Gifts for partners at home

  • Lavender
  • Bellet wine
  • Olive oil
  • Herbes de Provence
  • Linen (my wife loves it)

Loire Atlantique: Nantes

If you like fish and especially oysters and shellfish, then head here. It is a shucking pescatarian’s paradise.

Nantes may not be known as a big rugby centre, but some big, mythical matches have taken place here, notably the infamous Battle of Nantes at the Stade de Beaujoire back in 1986 when Buck Shelford had his scrotum torn open by a stray Frenchman’s boot. The French won and it went down in history as a violent but key victory just a few months out from selection for the first RWC in New Zealand in 1987.

Sean Fitzpatrick played in that match and told me: “It was a watershed moment for the All Blacks team as it ushered in some new players. We used the loss by bottling up that awful feeling of failure, and we made sure it didn’t happen again for many years. We talked about it a lot in the following few months and used it as motivation for beating them at the RWC final in 1987. ‘Remember Nantes’ was the team moto.”

Nantes is a beautiful city and regularly voted the most desirable place to live in France. It is arty, clean and prosperous with a cool, leafy centre of tech and design. Along with the Ile-de-Re and Basque Country, this is where Parisians want to live.

My favourite places to visit

  • Château des Ducs de Bretagne
  • The Medieval quarter
  • The covered market on Rue Talensac
  • Jardin des Plantes
  • Trentemoult, a former fishing village on the Loire River, known for colorful 3-story houses with red-tiled roofs, and gardens filled with palm trees

My favourite restaurant and bars

  • Lamaccotte, 7 Rue Saint-Denis, 44000 Nantes
  • Le Lion et L’agneau, 40 Rue Fouré, 44000 Nantes
  • Les Bouteilles, Rue de Bel Air, Nantes
  • Restaurant Art’N Blum, 10 Rue Léon Blum, 44000 Nantes

Gifts to take home to the family

  • Petit-Beurre Nantais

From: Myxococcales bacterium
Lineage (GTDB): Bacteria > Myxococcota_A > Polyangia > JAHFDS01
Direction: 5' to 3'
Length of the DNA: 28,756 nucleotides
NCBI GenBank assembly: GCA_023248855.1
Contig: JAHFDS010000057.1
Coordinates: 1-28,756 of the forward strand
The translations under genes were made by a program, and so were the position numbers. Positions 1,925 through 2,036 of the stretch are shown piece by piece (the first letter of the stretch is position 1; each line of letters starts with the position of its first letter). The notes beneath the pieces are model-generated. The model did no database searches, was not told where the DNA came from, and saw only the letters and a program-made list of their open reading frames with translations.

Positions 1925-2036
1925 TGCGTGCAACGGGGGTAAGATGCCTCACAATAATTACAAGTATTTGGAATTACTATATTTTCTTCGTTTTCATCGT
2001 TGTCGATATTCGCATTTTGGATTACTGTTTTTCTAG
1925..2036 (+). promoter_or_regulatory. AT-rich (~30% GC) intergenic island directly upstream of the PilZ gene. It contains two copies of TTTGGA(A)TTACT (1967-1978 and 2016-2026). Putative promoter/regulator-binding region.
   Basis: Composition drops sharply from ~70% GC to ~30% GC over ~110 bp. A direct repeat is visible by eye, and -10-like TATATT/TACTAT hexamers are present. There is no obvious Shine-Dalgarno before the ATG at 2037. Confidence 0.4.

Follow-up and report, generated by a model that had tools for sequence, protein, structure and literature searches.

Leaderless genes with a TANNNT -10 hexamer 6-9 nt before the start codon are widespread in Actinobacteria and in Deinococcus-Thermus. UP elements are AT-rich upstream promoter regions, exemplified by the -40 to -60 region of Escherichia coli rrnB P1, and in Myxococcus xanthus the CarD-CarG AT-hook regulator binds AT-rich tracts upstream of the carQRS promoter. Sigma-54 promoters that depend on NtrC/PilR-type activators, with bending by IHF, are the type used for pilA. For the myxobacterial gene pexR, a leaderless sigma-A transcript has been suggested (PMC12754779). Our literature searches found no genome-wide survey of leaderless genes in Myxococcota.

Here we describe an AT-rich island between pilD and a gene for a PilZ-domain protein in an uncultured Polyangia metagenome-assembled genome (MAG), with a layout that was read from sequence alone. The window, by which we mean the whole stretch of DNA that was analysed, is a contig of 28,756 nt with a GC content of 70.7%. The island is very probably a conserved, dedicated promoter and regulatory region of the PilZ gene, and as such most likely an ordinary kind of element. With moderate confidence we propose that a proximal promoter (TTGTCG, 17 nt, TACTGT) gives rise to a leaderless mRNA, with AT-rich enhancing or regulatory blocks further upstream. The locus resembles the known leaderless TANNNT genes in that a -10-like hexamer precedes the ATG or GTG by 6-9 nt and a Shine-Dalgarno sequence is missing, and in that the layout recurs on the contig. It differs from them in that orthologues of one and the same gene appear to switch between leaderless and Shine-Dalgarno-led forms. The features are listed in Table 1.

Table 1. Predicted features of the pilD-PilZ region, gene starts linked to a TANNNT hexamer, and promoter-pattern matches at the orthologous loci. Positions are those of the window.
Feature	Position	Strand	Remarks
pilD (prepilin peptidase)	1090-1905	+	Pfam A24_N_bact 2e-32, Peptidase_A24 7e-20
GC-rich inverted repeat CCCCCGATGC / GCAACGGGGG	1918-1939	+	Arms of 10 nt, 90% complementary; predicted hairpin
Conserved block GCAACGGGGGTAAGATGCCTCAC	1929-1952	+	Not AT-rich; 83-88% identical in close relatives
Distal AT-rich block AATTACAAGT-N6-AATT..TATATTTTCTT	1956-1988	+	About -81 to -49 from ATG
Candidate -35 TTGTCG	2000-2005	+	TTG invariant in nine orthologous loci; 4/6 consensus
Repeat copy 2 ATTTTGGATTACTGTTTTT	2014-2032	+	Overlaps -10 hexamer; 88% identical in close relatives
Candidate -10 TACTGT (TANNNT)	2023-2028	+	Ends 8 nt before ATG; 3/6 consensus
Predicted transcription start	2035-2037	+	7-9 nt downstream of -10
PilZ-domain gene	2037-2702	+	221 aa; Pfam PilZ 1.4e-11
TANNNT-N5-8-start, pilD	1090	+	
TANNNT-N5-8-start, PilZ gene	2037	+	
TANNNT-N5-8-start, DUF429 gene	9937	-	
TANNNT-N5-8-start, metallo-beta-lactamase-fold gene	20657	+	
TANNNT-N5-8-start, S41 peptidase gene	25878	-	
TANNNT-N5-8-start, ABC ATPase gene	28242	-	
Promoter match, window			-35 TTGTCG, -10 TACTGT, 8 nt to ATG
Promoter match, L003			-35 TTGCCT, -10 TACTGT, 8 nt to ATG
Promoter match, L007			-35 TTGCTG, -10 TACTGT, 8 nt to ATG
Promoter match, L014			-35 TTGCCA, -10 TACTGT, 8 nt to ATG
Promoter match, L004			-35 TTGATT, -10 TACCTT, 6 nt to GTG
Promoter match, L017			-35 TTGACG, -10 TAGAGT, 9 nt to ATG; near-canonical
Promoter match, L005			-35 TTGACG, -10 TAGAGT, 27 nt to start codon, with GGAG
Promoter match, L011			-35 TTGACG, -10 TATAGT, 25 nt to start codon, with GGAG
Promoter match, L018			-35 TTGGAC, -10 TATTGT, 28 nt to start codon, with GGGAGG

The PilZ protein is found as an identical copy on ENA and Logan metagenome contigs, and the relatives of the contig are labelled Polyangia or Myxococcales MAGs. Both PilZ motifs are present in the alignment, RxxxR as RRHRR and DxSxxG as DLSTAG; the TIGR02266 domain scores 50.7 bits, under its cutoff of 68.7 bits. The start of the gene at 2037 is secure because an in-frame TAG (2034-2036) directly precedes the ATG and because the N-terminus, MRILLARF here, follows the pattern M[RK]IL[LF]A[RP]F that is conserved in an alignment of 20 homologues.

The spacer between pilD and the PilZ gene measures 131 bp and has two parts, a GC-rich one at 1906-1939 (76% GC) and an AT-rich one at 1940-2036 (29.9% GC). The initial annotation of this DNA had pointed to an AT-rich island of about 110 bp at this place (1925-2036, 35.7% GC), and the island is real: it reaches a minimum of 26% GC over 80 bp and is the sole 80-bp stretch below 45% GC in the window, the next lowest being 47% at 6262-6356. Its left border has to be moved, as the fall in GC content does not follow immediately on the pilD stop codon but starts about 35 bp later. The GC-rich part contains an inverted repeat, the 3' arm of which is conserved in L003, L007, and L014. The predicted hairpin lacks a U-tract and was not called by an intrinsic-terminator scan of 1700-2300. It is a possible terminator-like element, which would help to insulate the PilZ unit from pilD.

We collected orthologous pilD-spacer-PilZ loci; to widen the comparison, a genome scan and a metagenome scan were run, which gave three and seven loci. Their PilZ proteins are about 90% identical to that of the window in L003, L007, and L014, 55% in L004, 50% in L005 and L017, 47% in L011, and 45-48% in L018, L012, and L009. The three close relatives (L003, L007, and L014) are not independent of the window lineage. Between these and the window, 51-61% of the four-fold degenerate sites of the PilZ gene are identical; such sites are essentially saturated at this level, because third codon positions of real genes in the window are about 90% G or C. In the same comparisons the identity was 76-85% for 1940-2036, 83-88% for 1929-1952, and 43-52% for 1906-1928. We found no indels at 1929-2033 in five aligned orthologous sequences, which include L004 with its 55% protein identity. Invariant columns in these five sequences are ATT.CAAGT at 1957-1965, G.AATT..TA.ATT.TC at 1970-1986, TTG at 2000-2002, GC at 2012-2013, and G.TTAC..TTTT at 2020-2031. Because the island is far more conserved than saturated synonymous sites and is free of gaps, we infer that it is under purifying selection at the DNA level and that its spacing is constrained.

• Gateau Nantais
  • Muscadet wine
  • A dozen oysters…
  • Les Bottereaux (sugary doughnuts)
  • Les rigolettes nantaises (sugar-coated jam-based sweets)

Lyon: France’s gastronomic capital

If I lived in Lyon for a month, I think I’d gain 10kg. No problem. Even if I exercised every day.

This is a beautiful, vibrant city which offers you more restaurants than your required daily calorie intake. Lyon has 4000 (and 21 certified bouchons or bistros). It is a hive of business, conviviality and gastronomic temptation. And I can resist everything but gastronomic temptation. Pack some larger jeans for the return home.

Not only is the city itself lovely, it is sandwiched at the confluence of the Rhône and the Saône rivers, and is surrounded by some of the world’s greatest vineyards and wines. To the south lies the magnificent Côte Rôtie, Hermitage, St Joseph and others. To the north are the vineyards of Beaujolais.

As if that isn’t enough, you have the Alps to the east, the rivers and ravines of the Ardèche to the west, and the Mediterranean further south.

My favourite places to visit

  • Climb to the top of Fourvière Hill for the best views of the city from the spectacular Basilique Notre-Dame de Fourvière
  • St Antoine market
  • Old Lyon
  • Les Halles

My favourite restaurants and bars

  • Le Poivron Bleu, 12 Rue Professeur Weill, 69006 Lyon
  • Bouchon Les Lyonnais, 19 Rue de la Bombarde, 69005 Lyon
  • Café Comptoir Abel, Le Café Comptoir ABEL, 25, rue Guynemer, 69002 Lyon
  • Les Fines Gueules, 16 Rue Lainerie, 69005 Lyon, France
  • Le Bouchon des Filles, 20 Rue Sergent Blandan, 69001 Lyon
  • Café des Fédérations, 8-9-10 rue Major Martin – 69001 Lyon
  • Le Bouchon des Cordeliers, 15 RUE CLAUDIA 69002 LYON
  • Daniel et Denise Créqui, 156 rue de Créqui 69003 Lyon
  • Bulle – Restaurant de Fourvière – Guy Lassausaie, 9 Pl. de Fourvière, 69005 Lyon
  • Food Traboule, 22 Rue du Bœuf, 69005 Lyon

Gifts to take home to the family

  • Andouillette
  • Wine
  • Sausages
  • Saucisson

Saint-Etienne